Sunday, July 11, 2004

Skerik's Syncopated Taint

By Carl Sundberg
Pulse Columnist
February 19, 2004

Punk is usually the last thing most people think of when it comes to jazz. But like Bob Dylan said: "The times, they are a changin'." Punk-jazz is becoming a way of life for musicians and fans who are sick of the mundane and ordinary. One saxophone player from Seattle is touring the country to bring this new sound to the ears of every man, woman and child he can. He goes by the name of Skerik, and to the uninitiated, pay attention: Here is the a story of an up-and-coming musical revolutionary.

"Punk-jazz is more of an attitude than a sonic description," Skerik said. "The punk sound of the '90s has been used and abused and commercialized. When I think of punk, I think of (Minutemen bassist) Mike Watt -- you know, integrity, honesty. It's not motivated by a corporation. It's direct honesty at a personal expense."

These personal expenses come at a price. Skerik said he has actually lost thousands of dollars on his current tour, adding that music education has also suffered since the 1980s with government cuts to artistic programs nationwide. "America has been destroying art in this society," Skerik said. "Of all professional endeavors, musicians are the lowest paid and the least respected."

Skerik added that the key to changing this is to get rid of misconceptions about what music is and where it should be heard.

"You have to connect with people," he said. "You have to make art accessible. You should be able to enjoy art.

"That's why we play places like Oklahoma, and not just (cities) like Seattle or L.A. or New York. Your cultural experience in life can't be the record section in Wal-Mart."

Skerik grew up in Seattle and played in jazz ensemble and orchestra in school, as well as in a rock band during his spare time. During the 1980s, Skerik left home to pursue his career as a musician, playing in bands all over the world in places such as London, Paris and the South Pacific. The styles of music he played included blues, rock, jazz, Caribbean and African music. He returned to Seattle during the late 1980s and started the sax-drum-bass trio, Sadhappy. Later, he began the band Critters Buggin.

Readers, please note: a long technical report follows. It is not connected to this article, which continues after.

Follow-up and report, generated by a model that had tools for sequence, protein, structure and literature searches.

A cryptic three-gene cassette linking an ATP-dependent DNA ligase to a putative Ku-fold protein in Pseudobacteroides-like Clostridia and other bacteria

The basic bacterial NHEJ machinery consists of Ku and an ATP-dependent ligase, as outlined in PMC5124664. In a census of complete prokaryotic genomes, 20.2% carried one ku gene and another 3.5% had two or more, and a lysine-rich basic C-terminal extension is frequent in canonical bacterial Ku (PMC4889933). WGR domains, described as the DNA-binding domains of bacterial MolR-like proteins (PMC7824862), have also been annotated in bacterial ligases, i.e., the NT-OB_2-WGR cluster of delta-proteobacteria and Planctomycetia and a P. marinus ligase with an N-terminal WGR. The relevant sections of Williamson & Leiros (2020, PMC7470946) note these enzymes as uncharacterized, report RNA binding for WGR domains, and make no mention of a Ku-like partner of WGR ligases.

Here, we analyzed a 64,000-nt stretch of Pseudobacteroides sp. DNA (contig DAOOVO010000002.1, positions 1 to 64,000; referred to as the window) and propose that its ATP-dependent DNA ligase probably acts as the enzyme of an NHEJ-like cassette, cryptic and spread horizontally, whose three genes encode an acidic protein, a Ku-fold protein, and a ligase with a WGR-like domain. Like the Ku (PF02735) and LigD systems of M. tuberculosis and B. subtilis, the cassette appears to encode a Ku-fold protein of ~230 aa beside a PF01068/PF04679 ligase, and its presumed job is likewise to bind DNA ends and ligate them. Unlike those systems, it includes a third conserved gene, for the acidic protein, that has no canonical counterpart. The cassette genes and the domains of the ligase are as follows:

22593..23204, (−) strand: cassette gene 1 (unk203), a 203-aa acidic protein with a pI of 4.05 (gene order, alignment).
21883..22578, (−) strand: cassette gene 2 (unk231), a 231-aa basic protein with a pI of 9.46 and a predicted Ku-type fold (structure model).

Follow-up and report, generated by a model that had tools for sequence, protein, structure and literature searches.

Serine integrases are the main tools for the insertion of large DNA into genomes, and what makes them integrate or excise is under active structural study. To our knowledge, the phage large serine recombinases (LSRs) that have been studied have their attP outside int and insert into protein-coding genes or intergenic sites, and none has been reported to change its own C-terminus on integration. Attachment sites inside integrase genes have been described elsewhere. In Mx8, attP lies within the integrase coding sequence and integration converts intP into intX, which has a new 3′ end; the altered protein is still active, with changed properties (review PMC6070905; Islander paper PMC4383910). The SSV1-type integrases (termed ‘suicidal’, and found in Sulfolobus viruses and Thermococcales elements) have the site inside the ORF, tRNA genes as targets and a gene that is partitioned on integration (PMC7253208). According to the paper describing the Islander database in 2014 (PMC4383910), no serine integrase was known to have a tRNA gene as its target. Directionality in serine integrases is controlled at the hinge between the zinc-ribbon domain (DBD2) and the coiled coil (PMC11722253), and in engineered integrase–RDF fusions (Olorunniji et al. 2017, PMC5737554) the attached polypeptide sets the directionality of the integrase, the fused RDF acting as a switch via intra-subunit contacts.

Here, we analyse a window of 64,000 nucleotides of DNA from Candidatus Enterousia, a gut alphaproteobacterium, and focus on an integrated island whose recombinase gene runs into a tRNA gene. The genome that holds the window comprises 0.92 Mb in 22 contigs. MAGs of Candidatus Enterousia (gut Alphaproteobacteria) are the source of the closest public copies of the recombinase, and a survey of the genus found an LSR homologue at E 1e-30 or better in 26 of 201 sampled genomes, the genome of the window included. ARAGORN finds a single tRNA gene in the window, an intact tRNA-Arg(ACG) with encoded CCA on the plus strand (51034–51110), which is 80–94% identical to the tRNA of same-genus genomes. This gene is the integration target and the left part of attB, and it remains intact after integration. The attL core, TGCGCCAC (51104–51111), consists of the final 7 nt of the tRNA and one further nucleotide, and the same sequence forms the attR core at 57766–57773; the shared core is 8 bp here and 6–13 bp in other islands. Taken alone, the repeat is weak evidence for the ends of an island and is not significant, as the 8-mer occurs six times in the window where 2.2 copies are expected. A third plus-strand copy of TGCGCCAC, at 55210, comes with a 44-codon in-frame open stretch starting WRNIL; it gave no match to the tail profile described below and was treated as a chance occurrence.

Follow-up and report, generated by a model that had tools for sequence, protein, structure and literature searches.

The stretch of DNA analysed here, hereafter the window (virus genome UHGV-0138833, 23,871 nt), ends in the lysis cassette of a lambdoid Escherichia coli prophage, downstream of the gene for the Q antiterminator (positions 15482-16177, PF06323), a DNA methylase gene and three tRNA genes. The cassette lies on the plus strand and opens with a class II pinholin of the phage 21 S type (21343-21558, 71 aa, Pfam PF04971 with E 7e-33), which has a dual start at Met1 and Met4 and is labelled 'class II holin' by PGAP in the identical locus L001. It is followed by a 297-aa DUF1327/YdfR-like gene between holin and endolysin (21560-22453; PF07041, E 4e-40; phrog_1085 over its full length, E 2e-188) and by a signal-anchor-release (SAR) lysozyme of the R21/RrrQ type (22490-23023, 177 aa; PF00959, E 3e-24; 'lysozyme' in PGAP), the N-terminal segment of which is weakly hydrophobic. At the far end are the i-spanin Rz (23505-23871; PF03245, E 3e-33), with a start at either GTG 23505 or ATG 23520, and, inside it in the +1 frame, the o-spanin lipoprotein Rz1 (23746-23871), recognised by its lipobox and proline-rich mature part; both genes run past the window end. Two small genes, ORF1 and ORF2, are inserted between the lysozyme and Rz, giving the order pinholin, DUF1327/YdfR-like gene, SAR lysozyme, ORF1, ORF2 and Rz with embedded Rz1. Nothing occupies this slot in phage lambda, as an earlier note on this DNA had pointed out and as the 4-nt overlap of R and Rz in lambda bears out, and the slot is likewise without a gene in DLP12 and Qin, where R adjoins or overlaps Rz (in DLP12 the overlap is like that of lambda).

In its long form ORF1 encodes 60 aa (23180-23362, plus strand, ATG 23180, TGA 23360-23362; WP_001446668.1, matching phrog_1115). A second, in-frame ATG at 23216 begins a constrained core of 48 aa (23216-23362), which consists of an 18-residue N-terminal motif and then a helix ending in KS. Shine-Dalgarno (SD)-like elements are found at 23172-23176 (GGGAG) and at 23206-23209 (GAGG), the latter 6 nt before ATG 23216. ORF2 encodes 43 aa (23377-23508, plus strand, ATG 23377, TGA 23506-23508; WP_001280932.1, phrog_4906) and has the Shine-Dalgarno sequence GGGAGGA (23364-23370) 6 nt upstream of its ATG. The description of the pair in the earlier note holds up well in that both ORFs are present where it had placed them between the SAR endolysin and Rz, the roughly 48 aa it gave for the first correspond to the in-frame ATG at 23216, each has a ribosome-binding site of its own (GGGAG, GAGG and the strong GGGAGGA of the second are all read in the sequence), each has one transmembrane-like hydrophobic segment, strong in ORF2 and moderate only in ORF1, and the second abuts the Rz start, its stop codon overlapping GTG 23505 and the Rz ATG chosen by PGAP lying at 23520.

Skerik's approach to music has garnered him a great deal of praise from musicians and fans.

"He has a no-holds-barred (style that) combines everything he's learned to (create something) without fear of what other people think," said Tim McLaughlin, a trumpet player and leader of the local band Eleven Eyes.

McLaughlin's band will open for Skerik and his Seattle-based group Syncopated Taint Septet this Saturday at WOW Hall, located at 291 West Eighth Ave. Doors open at 8 p.m. and showtime is 8:30 p.m. Tickets are $10 in advance or at the door.

WOW Hall Publicist Bob Fennessy described his experience seeing Skerik.

"I saw Skerik perform here (at WOW Hall) when he was in Critters Buggin. He's a flamboyant player who uses a lot of effects to distort the sound of his saxophone," he said.

Skerik has made a name for himself playing with some of the most cutting-edge and innovative performers in postmodern America. His presence became otherworldly in the band Critters Buggin, an avant-garde punk-jazz tribal-electronic fusion group. Since then, Skerik has performed in several bands, including Garage a Trois and Les Claypool's Flying Frog Brigade. He's also played alongside legends such as Roger Waters, Galactic, John Scofield, Medeski Martin & Wood, DJ Logic, Robert Walters and Fred Wesley. Rolling Stone magazine has called him "jazz's best kept secret."

The Syncopated Taint Septet consists of seven all-star musicians from Seattle. The lineup includes Craig Flory on baritone saxophone, Joe Doria on Hammond organ, John Wicks on drums, Dave Carter on trumpet, Hans Teuber on alto saxophone and flute, Steve Moore on trombone and Wurlitzer electric piano, and, of course, Skerik on tenor and baritone saxophone.

"We have about 50 compositions (written) for seven musicians, five (of which are) horns," Skerik said.

Although the songs are rehearsed and written, Skerik said, they are also reactionary and firmly based in improvisation. He added that if the crowd is sitting and quiet, the band will play more tunes that are more ambient and subdued. But if the crowd is lively, the band will rock the house.


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